10. The Winner (performed by Coolio)
Coolio’s performance of (The Winner) saw hip-hop rapped out, Looney Tunes style, that fit the overall theme of the movie, combining the sport and culture of basketball with the always entertaining characters that not only made Space Jam a classic animated film but why the characters of the Looney Tunes universe so well-favored.
9. That’s The Way (I Like It) (performed by Spin Doctors and Biz Markie)
(That’s the Way (I Like It)) was first recorded and released in 1975 by KC and the Sunshine Band. It was a number one hit on the US Billboard Hot 100 and has since become an iconic hit in the disco music scene on an international level. For the Space Jam soundtrack, this single was covered by the combined talent of Spin Doctors and Biz Markie, adding a bit of hip-hop and R&B into this dance favorite.
8. Space Jam (performed by Quad City DJs)
The theme song from the movie, (Space Jam), was an electronic hip-hop performance presented by Quad City DJs. Performed Technotronic style, meeting with remnants of Pump Up the Jam, this theme song served as a great setup song to get into the groove of the game and the music.
7. Upside Down (performed by Salt-N-Pepa)
The single, (Upside Down) and superstar, Diana Ross, are both legends. For Salt-N-Pepa to rise to the occasion and deliver a modernized, hip-hop style to the 1980 classic, much kudos. The performance was designed specifically for Space Jam’s movie theme and soundtrack, which the two ladies did to perfection.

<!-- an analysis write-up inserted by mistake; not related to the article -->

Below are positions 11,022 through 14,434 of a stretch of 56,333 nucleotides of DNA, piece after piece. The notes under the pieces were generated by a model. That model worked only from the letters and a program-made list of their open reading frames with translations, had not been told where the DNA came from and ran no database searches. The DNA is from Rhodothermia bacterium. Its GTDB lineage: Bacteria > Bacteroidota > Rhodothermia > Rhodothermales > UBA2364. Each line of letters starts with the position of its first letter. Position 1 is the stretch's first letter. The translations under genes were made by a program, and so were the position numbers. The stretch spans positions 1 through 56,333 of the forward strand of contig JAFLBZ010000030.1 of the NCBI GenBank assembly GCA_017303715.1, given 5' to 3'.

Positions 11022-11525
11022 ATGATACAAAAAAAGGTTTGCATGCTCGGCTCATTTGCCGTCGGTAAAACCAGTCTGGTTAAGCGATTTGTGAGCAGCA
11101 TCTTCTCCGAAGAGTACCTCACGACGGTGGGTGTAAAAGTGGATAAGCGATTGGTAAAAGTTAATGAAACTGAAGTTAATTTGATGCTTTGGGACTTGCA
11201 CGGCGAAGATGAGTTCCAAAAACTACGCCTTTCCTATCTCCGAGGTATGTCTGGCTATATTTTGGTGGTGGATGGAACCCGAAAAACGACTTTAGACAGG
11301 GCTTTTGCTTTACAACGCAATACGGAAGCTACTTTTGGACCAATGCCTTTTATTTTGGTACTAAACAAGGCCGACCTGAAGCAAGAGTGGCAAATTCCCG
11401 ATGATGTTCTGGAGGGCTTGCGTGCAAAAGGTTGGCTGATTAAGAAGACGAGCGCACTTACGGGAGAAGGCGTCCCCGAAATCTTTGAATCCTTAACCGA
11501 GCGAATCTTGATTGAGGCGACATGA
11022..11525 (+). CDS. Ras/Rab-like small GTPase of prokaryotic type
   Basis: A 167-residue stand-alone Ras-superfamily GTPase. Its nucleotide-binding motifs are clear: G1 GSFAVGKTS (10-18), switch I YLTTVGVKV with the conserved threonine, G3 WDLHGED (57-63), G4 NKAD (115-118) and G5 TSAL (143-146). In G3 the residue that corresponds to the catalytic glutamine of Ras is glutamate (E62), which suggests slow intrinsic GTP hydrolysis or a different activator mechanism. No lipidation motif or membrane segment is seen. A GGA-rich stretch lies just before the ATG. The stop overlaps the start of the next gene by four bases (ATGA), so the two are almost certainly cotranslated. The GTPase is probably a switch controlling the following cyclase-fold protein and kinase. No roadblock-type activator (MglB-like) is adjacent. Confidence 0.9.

6. Basketball Jones (performed by Barry White and Chris Rock)
(Basketball Jones), as performed by Barry White and Chris Rock, took a page out of Cheech and Chon’s 1973 original, (Basketball Jones featuring Tyrone Shoelaces) and hammed it up with Rock performing the higher-pitched vocals and shouted lines while White lyrically performed the song as an addict who can’t get enough of the sport.
5. I Turn to You (performed by All-4-One)
Written and performed specifically for Space Jam, (I Turn to You) the R&B quartet, All-4-One, let loose with a ballad that served its purpose in the film and soundtrack, but didn’t become popular until Christina Aguilera covered it in her debut album, which was released in 2000, approximately four years after the release of the Space Jam soundtrack. Although it was not a charted hit at the original timing of its release, I Turn to You was popular enough as a song to be covered many times over, including Aguilera.
4. For You I Will (performed by Monica)